Category Archives: Scalia

March on Washington, D.C.

Washington, D.C. felt like a ghost town yesterday. Donald J. Trump became the 45th President of the United States of America yesterday, and the 92.8% of Washington, D.C. that voted for Hillary Clinton could not be found.

Today the city burst into a sea of pink, a vibe of feminism, and tsunami of liberalism. An estimated 500,000 people went to the National Mall, easily doubling Donald supporters’ presence the day before. What a difference a day makes.

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Photograph by author. January21, 2017

Nobody should be fooled; dark days are ahead. Traditionally strong alliances will be sorely tested. Canada and Mexico would suffer economically if Trump scraps NAFTA outright. Donald just last week lashed out at Angela Merkel’s refugee policy, which no doubt emboldens nationalists in Germany who want to keep Germany for themselves. If that makes people shudder from echoes of Germany’s not too recent past, it should. New alliances with unsavory characters like Russia’s Vladimir Putin will likely be forged in a mutual pursuit of petrodollars and utter contempt of criticism. On the domestic side, a newly constructed wall and the repeal of the Affordable Care Act (Obamacare) appear to be the priorities for the administration. An ultraconservative Supreme Court nominee is in the works, and whose decisions will try to place the brakes on an increasingly-progressive America.

Today the city bled pink, and cities all over the United States of America did the same. It is reassuring to find Americans uniting around a common set of progressive ideas, and uplifting to find Americans rejecting the newly minted President Trump not through hate, but by bonding with love. President Trump may have won the election, but he lost the popular vote, and he sure did not win the hearts and minds of the majority of Americans.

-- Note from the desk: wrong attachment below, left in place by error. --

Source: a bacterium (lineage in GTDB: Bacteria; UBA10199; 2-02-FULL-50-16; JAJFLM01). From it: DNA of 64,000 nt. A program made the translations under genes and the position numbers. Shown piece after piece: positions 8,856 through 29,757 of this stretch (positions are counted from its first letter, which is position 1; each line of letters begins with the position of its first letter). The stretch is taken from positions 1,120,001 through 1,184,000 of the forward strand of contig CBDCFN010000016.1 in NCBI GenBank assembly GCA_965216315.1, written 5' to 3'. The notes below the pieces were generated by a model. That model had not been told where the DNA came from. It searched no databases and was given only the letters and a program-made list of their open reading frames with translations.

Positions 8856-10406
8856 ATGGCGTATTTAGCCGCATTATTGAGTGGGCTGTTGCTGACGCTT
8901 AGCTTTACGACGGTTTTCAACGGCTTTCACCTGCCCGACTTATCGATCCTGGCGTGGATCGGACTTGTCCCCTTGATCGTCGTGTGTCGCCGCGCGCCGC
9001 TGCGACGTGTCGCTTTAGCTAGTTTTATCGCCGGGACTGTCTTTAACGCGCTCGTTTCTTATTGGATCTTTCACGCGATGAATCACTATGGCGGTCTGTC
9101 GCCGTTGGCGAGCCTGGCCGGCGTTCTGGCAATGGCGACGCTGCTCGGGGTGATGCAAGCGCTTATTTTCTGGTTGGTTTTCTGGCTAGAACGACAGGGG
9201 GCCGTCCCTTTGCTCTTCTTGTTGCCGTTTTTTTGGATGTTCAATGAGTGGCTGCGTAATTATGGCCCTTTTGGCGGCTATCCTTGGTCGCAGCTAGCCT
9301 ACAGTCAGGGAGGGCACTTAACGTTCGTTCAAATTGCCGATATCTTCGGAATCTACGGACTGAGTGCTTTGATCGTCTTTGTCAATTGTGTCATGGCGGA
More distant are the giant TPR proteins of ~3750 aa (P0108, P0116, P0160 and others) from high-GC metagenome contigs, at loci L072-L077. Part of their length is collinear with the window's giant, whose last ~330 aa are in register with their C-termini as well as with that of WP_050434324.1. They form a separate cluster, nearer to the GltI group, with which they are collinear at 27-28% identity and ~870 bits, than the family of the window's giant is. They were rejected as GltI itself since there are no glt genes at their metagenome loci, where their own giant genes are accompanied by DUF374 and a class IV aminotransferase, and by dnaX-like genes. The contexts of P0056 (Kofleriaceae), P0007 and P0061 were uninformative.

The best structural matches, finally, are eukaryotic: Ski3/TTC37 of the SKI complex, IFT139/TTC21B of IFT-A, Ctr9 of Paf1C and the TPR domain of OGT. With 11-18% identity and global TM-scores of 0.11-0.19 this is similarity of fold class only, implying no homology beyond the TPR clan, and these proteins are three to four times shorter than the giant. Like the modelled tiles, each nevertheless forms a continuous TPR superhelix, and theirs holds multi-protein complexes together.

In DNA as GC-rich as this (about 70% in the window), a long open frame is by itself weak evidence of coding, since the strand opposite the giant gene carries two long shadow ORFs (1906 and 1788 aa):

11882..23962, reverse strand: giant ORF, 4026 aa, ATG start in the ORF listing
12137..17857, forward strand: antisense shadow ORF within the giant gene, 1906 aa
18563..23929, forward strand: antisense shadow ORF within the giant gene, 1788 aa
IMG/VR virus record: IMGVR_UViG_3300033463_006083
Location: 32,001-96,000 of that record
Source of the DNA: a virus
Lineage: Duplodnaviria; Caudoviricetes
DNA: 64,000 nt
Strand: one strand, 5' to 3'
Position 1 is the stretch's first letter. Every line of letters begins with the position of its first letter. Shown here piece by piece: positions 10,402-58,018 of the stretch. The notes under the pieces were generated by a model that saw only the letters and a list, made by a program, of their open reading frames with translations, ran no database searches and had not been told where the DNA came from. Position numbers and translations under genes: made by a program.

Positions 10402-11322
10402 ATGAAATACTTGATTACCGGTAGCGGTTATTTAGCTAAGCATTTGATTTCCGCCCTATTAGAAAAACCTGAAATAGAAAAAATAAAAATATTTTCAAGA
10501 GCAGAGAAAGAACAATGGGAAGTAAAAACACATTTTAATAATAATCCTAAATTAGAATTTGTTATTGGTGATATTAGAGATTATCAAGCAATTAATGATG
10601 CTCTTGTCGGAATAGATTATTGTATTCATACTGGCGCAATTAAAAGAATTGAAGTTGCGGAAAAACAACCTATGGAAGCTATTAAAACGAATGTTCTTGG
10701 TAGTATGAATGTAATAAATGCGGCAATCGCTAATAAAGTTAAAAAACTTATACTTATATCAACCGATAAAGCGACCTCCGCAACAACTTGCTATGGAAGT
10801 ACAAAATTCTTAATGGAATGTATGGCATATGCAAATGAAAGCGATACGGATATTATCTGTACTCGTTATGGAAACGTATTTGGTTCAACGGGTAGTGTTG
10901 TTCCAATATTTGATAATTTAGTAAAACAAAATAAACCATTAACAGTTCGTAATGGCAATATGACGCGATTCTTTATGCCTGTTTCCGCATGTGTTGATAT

Once again there is hope. Not because the road is short, or easy, or at times outright terrifying. Rather, there is hope because my fellow Americans will stand up for what is right. Today is the start of the resistance. Today is a reminder that love trumps hate.

Donald, good luck enacting your agenda. For come tomorrow, we are here to stop you.

Politico provided the information on Merkel and voting data for Washington, DC

 

 

 

Scalia & Beyond

 

Scalia passed away earlier today. His departure leaves a gaping hole in the U.S. Supreme Court, leaving it divided along ideological lines. More importantly, his departure leaves the court without a deciding vote.

Hours later, Senate Majority Leader McConnell tweeted, “The American people should have a voice in the selection of their next Supreme Court Justice.” It is a nice sentiment, but the next president will not take office until January 20, 2017. That is 339 days away. How many days typically pass before a vacant seat on the U.S. Supreme Court is filled?

After some quick data analysis, not too long. The average wait time comes to a shade under 130 days. Further, the number of seats left vacant for more than 339 days comes to eight, or approximately 7% of the time.

The nine U.S. Supreme Court Justices (Roberts, Alito , Breyer, Ginsburg, Kagan, Kennedy , Sotomayor, Thomas) waited an average of 45 days before filling the vacancy. Kennedy, the outlier at 237 days, still beats the McConnell timeframe by 101 days.

Let us stick with tradition and replace Scalia within the next 130 days. Waiting any longer would smack of a political smear on one of the nation’s most important institutions.

Data Source – Wikipedia